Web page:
Constructively speaking, instead of making the film a befuddling experimental/mood piece just like what it is, Anger could have potentially made "Scorpio Rising" a full-fledged anthropological film about the motorists' alternative lifestyle and whether or not they can bode well with the fabric of mainstream Americana. With that, I think the film could have easily expressed what "Easy Rider" has powerfully done so just 5 years after it. I did enjoy the soundtrack, though. Honestly, I could listen to the songs at any given time.
At the end of the day, it's quite easy to see the film's encompassing visual influence on other filmmakers, notably Martin Scorsese and David Lynch. But what is quite difficult now to make sense of is why the film is considered 'great'. If you remove the stock footage from "The Living Bible: Last Journey to Jerusalem" short and half of the film's music, what we're merely left with is a plodding little film that has its sights on nothing but tires and leather boots and its destination to nowhere but the directionless path to pretense.


Pierrot le Fou (Jean-Luc Godard)

On the run and going wild.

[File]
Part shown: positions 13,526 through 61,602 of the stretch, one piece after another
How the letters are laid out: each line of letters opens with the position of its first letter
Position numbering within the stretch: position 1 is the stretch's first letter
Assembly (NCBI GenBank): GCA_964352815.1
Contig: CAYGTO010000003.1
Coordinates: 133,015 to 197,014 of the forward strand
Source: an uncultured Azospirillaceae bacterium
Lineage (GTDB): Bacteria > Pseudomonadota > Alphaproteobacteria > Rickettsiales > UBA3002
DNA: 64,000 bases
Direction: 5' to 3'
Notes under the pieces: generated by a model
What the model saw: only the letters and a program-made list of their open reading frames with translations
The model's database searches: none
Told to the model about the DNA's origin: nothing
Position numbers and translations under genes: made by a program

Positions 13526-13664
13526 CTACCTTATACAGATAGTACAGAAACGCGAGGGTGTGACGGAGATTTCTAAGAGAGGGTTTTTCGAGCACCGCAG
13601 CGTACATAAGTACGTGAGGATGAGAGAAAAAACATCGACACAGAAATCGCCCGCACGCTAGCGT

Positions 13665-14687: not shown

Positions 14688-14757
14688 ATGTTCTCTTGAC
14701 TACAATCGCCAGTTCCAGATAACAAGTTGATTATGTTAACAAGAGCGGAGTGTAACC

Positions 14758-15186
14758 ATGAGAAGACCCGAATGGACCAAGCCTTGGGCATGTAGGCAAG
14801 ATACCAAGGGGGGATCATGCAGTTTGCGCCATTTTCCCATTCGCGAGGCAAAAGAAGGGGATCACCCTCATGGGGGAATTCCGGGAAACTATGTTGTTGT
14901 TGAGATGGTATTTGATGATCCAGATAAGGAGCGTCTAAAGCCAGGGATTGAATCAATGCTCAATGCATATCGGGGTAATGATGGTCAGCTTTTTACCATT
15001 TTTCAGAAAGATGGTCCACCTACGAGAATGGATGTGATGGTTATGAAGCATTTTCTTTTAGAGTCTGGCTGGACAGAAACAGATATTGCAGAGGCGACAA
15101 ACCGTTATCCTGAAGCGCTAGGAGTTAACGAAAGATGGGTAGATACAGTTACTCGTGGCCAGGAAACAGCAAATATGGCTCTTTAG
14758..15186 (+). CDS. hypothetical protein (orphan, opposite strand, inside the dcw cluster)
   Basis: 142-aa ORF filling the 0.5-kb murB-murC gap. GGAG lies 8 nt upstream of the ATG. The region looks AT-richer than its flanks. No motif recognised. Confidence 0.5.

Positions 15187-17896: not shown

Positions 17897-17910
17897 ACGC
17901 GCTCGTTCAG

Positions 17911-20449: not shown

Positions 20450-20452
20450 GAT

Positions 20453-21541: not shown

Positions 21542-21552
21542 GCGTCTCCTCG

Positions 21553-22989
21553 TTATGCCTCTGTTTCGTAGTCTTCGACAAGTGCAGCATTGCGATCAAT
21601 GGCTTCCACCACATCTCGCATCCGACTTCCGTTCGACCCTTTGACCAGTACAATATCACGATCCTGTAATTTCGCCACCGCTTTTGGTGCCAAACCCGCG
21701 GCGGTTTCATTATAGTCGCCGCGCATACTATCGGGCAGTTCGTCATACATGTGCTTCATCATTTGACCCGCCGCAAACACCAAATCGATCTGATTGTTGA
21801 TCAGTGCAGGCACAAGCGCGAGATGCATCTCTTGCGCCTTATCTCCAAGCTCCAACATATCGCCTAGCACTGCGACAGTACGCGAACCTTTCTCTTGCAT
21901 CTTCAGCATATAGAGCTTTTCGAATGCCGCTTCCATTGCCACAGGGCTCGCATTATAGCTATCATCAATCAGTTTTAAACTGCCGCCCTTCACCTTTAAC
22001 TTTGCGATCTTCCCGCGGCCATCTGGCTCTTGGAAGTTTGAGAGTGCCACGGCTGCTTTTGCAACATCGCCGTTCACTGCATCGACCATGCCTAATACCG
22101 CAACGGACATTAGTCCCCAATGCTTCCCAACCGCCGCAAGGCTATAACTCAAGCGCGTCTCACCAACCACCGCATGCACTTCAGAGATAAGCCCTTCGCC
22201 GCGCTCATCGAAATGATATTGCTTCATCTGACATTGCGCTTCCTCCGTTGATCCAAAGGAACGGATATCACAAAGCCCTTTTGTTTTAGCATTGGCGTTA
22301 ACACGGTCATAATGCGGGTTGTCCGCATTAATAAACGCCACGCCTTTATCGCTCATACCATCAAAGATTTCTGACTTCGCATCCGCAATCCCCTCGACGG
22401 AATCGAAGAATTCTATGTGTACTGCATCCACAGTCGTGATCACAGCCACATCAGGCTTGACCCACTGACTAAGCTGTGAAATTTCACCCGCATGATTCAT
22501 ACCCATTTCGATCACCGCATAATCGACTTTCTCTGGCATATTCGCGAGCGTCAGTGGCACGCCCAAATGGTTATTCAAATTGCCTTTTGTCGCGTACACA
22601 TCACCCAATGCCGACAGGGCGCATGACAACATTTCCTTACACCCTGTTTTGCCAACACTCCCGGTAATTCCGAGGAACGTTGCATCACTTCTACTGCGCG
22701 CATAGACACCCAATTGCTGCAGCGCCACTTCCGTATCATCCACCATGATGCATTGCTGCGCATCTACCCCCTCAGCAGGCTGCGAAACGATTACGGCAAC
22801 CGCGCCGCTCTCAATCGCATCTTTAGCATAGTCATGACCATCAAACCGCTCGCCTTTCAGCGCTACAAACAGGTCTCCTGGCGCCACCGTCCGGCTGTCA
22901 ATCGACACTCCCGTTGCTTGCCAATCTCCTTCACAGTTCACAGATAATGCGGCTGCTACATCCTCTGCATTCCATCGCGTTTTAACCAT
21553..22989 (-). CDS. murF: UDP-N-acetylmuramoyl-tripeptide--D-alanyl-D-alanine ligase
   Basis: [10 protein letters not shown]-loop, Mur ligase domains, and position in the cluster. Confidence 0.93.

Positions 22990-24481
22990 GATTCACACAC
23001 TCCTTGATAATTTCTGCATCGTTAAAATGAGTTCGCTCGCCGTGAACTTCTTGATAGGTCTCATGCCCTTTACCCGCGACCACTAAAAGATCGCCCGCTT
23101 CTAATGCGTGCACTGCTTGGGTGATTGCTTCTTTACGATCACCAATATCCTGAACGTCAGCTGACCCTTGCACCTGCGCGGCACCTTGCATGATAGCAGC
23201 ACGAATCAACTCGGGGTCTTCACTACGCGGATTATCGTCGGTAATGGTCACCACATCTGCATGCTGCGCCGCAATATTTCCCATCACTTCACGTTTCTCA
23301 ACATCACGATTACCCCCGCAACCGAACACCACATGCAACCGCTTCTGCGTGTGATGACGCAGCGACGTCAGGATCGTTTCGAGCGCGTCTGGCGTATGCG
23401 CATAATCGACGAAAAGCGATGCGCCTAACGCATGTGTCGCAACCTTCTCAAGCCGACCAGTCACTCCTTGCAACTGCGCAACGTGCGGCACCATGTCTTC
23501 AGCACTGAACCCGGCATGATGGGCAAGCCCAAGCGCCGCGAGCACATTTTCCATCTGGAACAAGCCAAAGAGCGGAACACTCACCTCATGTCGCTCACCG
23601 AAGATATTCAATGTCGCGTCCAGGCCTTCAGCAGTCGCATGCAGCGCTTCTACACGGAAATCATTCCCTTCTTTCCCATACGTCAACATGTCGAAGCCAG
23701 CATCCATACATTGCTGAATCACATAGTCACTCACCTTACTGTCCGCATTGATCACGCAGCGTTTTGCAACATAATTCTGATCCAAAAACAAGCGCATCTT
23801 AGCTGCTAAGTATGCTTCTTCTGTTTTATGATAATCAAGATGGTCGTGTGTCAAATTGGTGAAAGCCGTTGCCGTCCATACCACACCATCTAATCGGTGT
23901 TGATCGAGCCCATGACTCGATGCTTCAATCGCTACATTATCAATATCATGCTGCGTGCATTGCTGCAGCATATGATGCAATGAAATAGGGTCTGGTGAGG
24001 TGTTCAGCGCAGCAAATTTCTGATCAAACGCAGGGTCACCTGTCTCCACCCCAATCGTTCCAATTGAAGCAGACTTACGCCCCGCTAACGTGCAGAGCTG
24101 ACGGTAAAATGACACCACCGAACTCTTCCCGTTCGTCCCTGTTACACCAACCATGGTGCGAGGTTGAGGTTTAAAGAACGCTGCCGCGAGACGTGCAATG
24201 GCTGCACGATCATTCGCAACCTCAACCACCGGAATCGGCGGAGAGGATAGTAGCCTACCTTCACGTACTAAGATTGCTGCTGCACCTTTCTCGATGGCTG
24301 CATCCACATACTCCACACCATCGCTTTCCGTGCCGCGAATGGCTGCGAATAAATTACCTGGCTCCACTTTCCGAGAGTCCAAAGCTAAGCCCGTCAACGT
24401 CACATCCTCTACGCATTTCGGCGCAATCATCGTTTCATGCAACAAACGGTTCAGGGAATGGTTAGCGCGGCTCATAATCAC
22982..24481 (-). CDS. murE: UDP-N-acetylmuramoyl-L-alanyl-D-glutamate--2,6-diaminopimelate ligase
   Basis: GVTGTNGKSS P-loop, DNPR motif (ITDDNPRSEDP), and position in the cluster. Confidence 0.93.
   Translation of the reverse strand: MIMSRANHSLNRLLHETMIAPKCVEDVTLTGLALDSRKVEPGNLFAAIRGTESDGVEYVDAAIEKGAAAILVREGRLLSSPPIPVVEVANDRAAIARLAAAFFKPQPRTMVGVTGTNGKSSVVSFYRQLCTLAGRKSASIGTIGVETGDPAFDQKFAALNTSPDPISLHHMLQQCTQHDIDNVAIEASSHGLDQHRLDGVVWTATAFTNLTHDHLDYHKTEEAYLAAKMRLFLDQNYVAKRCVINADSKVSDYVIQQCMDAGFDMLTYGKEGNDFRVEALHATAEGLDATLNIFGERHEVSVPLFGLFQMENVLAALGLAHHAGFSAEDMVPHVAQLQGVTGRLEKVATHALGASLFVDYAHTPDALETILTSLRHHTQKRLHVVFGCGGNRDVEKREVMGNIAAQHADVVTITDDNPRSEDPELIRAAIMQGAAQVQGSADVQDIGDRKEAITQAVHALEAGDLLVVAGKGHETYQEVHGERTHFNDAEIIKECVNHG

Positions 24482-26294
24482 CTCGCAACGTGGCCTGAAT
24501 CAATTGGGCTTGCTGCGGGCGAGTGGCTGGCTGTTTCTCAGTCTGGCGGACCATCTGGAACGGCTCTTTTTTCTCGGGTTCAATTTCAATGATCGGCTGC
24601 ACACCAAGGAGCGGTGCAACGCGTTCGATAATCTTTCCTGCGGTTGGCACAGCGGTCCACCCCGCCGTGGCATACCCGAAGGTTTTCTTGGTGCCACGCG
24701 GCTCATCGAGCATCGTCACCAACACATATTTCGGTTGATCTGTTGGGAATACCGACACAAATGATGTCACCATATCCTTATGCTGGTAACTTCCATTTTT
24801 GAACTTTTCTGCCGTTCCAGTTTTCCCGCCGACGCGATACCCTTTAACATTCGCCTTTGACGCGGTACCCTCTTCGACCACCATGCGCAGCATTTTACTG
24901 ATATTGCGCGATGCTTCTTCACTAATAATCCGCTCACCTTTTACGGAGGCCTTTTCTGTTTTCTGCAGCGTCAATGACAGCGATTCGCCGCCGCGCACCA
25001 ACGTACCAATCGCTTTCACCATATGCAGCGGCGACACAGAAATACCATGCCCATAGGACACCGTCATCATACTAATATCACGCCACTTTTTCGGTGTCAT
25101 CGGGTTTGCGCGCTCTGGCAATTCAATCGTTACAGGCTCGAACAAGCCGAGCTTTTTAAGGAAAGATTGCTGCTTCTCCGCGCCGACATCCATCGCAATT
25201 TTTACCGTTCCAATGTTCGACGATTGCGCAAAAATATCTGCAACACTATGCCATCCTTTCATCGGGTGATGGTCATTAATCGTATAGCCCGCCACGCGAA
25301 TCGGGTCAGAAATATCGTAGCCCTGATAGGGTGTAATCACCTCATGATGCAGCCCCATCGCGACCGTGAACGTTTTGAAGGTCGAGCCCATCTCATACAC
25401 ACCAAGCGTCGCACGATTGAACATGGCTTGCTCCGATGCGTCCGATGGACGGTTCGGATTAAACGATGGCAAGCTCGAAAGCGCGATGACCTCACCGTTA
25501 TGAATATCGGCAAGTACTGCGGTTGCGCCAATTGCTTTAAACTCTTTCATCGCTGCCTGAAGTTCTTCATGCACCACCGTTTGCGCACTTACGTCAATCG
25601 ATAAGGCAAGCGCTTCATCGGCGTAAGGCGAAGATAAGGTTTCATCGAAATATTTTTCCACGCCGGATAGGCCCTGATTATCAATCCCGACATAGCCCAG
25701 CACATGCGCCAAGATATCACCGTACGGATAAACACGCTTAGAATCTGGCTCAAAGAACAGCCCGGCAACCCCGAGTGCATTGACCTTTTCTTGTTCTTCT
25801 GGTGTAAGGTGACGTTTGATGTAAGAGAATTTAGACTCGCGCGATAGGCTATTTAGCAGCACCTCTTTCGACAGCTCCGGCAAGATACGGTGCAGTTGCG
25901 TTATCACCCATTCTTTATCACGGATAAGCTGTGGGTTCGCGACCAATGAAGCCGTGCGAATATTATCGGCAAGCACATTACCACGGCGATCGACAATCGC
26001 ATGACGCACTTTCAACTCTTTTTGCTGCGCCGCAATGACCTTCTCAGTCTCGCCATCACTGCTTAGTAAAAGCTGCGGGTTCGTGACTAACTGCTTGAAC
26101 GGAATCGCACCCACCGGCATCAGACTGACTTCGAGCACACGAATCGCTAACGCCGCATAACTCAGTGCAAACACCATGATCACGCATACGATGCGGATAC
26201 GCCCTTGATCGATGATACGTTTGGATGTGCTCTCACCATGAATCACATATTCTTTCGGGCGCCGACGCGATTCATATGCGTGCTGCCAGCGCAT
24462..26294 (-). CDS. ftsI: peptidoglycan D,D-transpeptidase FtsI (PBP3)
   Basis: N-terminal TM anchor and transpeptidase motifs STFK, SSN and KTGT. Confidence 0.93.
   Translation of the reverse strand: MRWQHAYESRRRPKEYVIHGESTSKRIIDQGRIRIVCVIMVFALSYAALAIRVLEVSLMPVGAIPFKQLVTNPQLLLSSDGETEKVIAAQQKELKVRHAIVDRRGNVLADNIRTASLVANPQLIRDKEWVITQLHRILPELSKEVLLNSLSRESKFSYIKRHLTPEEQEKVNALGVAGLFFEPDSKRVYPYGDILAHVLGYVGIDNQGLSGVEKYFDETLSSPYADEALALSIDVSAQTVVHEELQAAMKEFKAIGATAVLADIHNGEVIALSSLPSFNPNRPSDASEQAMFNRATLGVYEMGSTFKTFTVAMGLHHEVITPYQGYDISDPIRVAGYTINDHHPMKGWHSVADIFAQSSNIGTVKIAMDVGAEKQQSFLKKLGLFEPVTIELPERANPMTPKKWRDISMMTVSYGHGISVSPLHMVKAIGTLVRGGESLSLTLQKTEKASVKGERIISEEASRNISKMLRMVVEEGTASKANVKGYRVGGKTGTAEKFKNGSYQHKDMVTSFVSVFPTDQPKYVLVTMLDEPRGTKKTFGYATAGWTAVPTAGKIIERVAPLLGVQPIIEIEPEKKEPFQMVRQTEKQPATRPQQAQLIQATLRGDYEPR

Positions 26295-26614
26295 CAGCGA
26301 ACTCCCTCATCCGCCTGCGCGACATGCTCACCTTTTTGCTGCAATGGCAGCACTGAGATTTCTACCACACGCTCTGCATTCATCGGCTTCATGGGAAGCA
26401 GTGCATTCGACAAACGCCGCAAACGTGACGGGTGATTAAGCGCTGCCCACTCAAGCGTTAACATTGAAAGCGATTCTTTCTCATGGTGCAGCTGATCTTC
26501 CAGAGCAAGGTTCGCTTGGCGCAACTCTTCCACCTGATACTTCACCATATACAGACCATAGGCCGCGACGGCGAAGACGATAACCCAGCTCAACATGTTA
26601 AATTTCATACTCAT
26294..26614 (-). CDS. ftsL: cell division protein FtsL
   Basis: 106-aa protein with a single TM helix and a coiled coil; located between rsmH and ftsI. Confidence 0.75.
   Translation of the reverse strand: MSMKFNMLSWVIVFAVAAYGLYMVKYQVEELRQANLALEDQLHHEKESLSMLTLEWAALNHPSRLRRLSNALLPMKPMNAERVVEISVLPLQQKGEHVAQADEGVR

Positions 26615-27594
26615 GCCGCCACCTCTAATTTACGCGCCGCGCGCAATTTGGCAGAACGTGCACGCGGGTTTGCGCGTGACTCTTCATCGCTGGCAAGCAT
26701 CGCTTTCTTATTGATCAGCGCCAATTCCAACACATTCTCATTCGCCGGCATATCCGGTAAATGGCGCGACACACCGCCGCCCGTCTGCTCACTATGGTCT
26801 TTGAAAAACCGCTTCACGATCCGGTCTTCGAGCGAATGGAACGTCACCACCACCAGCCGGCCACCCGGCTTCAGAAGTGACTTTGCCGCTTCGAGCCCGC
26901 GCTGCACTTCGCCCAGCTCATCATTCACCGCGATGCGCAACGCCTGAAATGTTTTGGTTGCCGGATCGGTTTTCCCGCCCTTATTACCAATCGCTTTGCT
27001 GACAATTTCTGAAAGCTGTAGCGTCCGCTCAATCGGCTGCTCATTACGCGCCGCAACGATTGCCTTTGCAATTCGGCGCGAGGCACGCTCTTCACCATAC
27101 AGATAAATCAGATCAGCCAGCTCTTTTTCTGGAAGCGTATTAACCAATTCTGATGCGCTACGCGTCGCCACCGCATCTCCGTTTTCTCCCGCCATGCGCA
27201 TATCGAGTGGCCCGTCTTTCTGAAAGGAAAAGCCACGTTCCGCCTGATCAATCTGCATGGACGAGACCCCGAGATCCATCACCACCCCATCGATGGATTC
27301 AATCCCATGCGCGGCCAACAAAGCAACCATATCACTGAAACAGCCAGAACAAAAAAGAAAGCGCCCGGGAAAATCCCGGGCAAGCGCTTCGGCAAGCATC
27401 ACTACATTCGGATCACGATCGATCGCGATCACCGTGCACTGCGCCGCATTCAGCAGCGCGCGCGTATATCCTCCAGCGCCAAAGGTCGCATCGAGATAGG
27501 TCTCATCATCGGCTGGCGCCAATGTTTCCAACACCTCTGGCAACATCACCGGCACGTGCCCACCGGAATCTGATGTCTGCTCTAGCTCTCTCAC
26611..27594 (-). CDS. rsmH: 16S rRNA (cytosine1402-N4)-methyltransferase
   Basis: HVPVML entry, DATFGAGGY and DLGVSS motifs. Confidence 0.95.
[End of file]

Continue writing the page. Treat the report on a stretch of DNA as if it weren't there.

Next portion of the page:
With the last Jean-Luc Godard film that I have watched (which is "Weekend") tracing back about 3 years ago, that of which I also vividly remember of not liking that much, it's genuinely reinvigorating to watch some of his earlier, more beloved works that are, undoubtedly, the patented heart and soul of the French New Wave. In this instance, it is "Pierrot le Fou", a masterful adventure film about love, self-discovery and, ultimately, self-destruction. But with Godard on the helm, nothing is particularly absolute.  
Starring the charismatic yet mischievous-looking Jean-Paul Belmondo and the enticingly energetic Anna Karina, the film, about two star-crossed, perennially on-the-run lovers, is packed with immense intellectual energy and colorful playfulness characteristic of the aforementioned film movement.